New York's Board of Regents is looking to support a state version of the federal DREAM Act, a move that comes on the heels of its endorsement of the national proposal as well as last month's passage of the California DREAM Act, NY1 reports.
The Board of Regents would write their own draft of the legislation, which would be similar to state bills introduced in March that would open up opportunities for undocumented students to receive scholarships, obtain driver's licenses and practice a profession. They must also have come to the United States before the age of 16 and have lived at least two years in the state. Unlike the federal DREAM Act, the New York bill would not permit granting students legal status.
The state bill is expected to ease access to higher education for about 345,000 students across New York.
The regents' draft, however, also wouldn't expand to undocumented students access to driver's licenses or health care, NY1 reports.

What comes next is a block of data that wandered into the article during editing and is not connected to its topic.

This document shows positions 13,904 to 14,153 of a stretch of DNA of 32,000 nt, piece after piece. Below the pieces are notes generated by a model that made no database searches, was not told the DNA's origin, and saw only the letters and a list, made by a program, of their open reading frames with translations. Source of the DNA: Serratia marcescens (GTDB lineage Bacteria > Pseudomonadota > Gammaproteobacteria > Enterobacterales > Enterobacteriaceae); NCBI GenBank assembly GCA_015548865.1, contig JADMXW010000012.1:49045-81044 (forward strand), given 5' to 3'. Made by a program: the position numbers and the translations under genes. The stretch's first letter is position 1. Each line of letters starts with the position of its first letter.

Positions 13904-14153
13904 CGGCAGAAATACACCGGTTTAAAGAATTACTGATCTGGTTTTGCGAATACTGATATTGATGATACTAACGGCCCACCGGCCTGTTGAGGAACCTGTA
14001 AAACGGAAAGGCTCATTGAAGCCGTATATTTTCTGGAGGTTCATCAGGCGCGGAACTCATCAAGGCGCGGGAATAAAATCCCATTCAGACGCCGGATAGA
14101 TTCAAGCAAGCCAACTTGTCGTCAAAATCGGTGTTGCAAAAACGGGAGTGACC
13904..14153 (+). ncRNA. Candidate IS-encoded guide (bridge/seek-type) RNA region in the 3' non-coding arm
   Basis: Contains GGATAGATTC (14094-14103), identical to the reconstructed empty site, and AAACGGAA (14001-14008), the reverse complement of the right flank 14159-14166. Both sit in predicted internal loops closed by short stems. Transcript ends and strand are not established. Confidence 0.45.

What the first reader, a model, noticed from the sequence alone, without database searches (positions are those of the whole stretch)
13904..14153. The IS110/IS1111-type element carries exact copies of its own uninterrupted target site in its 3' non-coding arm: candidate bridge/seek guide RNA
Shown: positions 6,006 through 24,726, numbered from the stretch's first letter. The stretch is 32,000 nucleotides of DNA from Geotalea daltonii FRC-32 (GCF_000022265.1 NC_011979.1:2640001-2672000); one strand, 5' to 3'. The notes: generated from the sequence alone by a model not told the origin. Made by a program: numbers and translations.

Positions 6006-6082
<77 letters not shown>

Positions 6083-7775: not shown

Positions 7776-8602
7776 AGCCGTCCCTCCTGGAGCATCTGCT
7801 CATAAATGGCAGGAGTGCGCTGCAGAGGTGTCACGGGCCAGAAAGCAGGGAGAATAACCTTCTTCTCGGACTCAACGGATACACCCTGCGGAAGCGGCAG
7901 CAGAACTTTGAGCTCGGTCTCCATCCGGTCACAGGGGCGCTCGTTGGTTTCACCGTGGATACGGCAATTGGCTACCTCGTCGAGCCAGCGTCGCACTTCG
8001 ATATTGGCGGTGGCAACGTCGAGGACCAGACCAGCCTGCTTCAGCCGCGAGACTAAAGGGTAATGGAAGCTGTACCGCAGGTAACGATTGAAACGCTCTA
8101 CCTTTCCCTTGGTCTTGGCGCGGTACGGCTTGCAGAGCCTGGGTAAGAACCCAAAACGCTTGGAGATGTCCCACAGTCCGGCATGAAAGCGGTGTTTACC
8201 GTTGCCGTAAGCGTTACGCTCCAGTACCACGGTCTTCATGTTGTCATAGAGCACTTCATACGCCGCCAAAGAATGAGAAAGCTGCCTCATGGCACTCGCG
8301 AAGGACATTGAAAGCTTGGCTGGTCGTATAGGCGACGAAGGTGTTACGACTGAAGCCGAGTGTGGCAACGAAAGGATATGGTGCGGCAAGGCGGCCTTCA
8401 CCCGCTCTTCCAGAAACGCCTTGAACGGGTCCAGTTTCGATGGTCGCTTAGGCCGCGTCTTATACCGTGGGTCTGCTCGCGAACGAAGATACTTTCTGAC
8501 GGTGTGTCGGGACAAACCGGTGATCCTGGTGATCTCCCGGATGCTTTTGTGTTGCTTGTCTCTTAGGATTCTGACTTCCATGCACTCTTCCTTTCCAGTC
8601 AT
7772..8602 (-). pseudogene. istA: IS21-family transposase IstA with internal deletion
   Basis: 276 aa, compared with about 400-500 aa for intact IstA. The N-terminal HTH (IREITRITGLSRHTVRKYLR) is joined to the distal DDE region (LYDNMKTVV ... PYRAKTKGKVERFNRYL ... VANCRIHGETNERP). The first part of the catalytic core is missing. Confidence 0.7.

Last month, Board of Regents Chancellor and State Education Commissioner John King sent a letter to New York's congressional delegation, urging them to support the DREAM Act when it comes before them on the national level. Congress failed to pass the federal DREAM Act last year, the latest of several reintroductions since its first appearance in 2001.
Earlier this week, U.S. Secretary of Education Arne Duncan praised states that are making efforts to encourage public education for children of undocumented immigrants.
"They are either going to be taxpayers and productive citizens and entrepreneurs and innovators or they are going to be on the sidelines and a drag on the economy," Duncan told the Associated Press.
More than a dozen states have enacted policies that increase access to public education for undocumented students. Rhode Island's Board of Governors recently approved in-state tuition for undocumented citizens, effective next fall. Connecticut has passed similar legislation.
California Gov. Jerry Brown has signed a two-part bill into law over the last few months that allows undocumented students to receive limited financial aid and makes undocumented students eligible for public scholarships.